The Guardian’s Open Platform is open for business. The Guardian’s Content API is now out of beta. Of particular interest: you can access basic article metadata (headline, URL and tags) without using an API key at all, and the API supports JSONP—just request format=json and include a callback=foo argument. # 20th May 2010, 5:40 pm

Google Charts release notes, February 2010. More new Google Charts Image API features I hadn’t noticed before: charts of large data sets can now be generated using a POST request, but the killer feature is the ability to add ?chof=validate to see useful error messages. ?chof=json is interesting too—it gives you back a JSON object detailing the coordinates of various interesting shapes on the associated chart, which you can then use to create your own image maps or JavaScript tooltips. It’s a shame it doesn’t support JSON-P. # 27th April 2010, 12:07 pm

The MessagePack Project. A cross-language efficient binary-based serialization library—“It’s like JSON, but very fast and small”. Claims to outperform protocol buffers for at least some benchmarks. # 21st April 2010, 10:55 pm

ElasticSearch: Your Data, Your Search. A neat example of how ElasticSearch’s schemaless indexes and native JSON support make it ridiculously easy to index different types of data and run queries across them. # 12th February 2010, 3:22 pm

Elastic Search (via) Solr has competition! Like Solr, Elastic Search provides a RESTful JSON HTTP interface to Lucene. The focus here is on distribution, auto-sharding and high availability. It’s even easier to get started with than Solr, partly due to the focus on providing a schema-less document store, but it’s currently missing out on a bunch of useful Solr features (a web interface and faceting are the two that stand out). The high availability features look particularly interesting. UPDATE: I was incorrect, basic faceted queries are already supported. # 11th February 2010, 6:33 pm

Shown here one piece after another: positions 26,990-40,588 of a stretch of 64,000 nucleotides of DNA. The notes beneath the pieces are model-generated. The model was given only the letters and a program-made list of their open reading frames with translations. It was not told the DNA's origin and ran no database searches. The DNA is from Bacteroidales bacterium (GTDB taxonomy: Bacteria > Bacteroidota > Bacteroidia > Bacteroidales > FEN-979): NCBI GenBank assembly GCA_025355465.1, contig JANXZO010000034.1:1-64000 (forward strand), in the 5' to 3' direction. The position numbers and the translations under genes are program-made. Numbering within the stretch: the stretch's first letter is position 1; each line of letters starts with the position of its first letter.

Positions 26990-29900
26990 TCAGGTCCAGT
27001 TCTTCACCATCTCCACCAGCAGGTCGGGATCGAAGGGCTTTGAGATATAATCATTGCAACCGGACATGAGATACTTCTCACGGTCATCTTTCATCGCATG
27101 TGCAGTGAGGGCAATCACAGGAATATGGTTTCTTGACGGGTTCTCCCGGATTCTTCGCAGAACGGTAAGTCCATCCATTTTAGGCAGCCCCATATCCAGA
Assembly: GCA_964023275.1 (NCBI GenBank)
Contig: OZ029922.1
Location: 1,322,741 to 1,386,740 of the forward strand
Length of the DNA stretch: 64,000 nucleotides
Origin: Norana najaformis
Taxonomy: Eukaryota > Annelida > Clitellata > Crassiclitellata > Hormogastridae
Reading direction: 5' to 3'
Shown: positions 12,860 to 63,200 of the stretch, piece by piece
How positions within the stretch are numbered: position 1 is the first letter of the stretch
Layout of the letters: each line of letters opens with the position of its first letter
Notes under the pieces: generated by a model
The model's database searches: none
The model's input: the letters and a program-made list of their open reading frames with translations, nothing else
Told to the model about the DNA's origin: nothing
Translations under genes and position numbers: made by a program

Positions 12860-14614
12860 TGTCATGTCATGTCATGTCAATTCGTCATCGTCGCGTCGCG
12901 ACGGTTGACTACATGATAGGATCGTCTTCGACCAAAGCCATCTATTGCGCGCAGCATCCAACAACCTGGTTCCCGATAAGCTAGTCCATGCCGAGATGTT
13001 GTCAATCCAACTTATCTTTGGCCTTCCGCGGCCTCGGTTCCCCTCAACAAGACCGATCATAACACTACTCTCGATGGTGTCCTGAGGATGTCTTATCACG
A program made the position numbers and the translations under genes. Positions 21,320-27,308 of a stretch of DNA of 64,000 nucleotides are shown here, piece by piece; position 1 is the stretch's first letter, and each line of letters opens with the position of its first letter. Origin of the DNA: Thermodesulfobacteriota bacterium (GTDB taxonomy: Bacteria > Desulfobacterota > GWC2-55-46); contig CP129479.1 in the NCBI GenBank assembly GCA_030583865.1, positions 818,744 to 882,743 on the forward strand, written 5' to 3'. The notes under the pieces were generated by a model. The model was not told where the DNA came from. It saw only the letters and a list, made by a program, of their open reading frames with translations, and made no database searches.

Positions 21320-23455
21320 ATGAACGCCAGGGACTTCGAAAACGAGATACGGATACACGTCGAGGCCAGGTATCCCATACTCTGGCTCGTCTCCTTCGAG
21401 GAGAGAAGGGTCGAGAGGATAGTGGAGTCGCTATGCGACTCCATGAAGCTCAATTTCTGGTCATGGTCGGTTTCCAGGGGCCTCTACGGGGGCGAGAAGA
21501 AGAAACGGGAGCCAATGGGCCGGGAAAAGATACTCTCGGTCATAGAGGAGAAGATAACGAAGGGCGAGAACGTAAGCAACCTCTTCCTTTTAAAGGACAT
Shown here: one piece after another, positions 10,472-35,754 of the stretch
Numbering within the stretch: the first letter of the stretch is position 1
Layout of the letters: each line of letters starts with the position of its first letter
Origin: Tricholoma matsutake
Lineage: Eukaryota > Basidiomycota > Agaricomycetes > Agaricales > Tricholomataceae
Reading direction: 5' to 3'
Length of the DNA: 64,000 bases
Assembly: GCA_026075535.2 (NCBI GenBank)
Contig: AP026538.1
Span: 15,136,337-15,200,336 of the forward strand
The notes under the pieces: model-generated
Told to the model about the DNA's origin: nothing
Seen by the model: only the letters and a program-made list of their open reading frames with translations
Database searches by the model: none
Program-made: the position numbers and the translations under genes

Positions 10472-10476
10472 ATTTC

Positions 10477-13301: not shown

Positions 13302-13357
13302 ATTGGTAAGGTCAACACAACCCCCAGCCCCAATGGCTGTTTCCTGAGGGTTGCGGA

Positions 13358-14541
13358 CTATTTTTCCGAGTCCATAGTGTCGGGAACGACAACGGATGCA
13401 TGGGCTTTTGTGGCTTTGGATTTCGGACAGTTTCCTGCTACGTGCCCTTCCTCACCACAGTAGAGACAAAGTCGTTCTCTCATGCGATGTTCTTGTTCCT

jsondns. A JSONP API for making DNS queries, with a nice URL structure. # 30th December 2009, 5:37 pm

Orderly JSON. Essentially the JSON equivalent of RelaxNG’s compact syntax—a pleasant mini-language for describing JSON objects which compiles to the more verbose JSONSchema format. # 23rd December 2009, 2:44 pm

Djangopeople JSON parser. Awesome—Andy McKay has compensated for the lack of an official DjangoPeople API by creating a JSONP screen scraped API and hosting it on App Engine. As far as I’m concerned this is an officially supported feature—I’ll make sure future site changes don’t break it, and when I do add an API I’ll try to keep it compatible and help Andy set up redirects. # 28th November 2009, 11:29 am

Introducing BERT and BERT-RPC. Justification for inventing a brand new serialisation protocol: Thrift and Protocol Buffers both use IDLs and code generation, XML “is not convertible to a simple unambiguous data structure in any language I’ve ever used” and JSON lacks support for unencoded binary data. The result is BERT—Binary ERlang Term—which extracts a format from Erlang in much the same way that JSON extracted one from JavaScript. # 21st October 2009, 10:11 pm

cloud-crowd. New parallel processing worker/job queue system with a strikingly elegant architecture. The central server is an HTTP server that manages job requests, which are farmed out to a number of node HTTP servers which fork off worker processes to do the work. All communication is webhook-style JSON, and the servers are implemented in Sinatra and Thin using a tiny amount of code. The web-based monitoring interface is simply beautiful, using canvas to display graphs showing the system’s overall activity. # 21st September 2009, 11:09 pm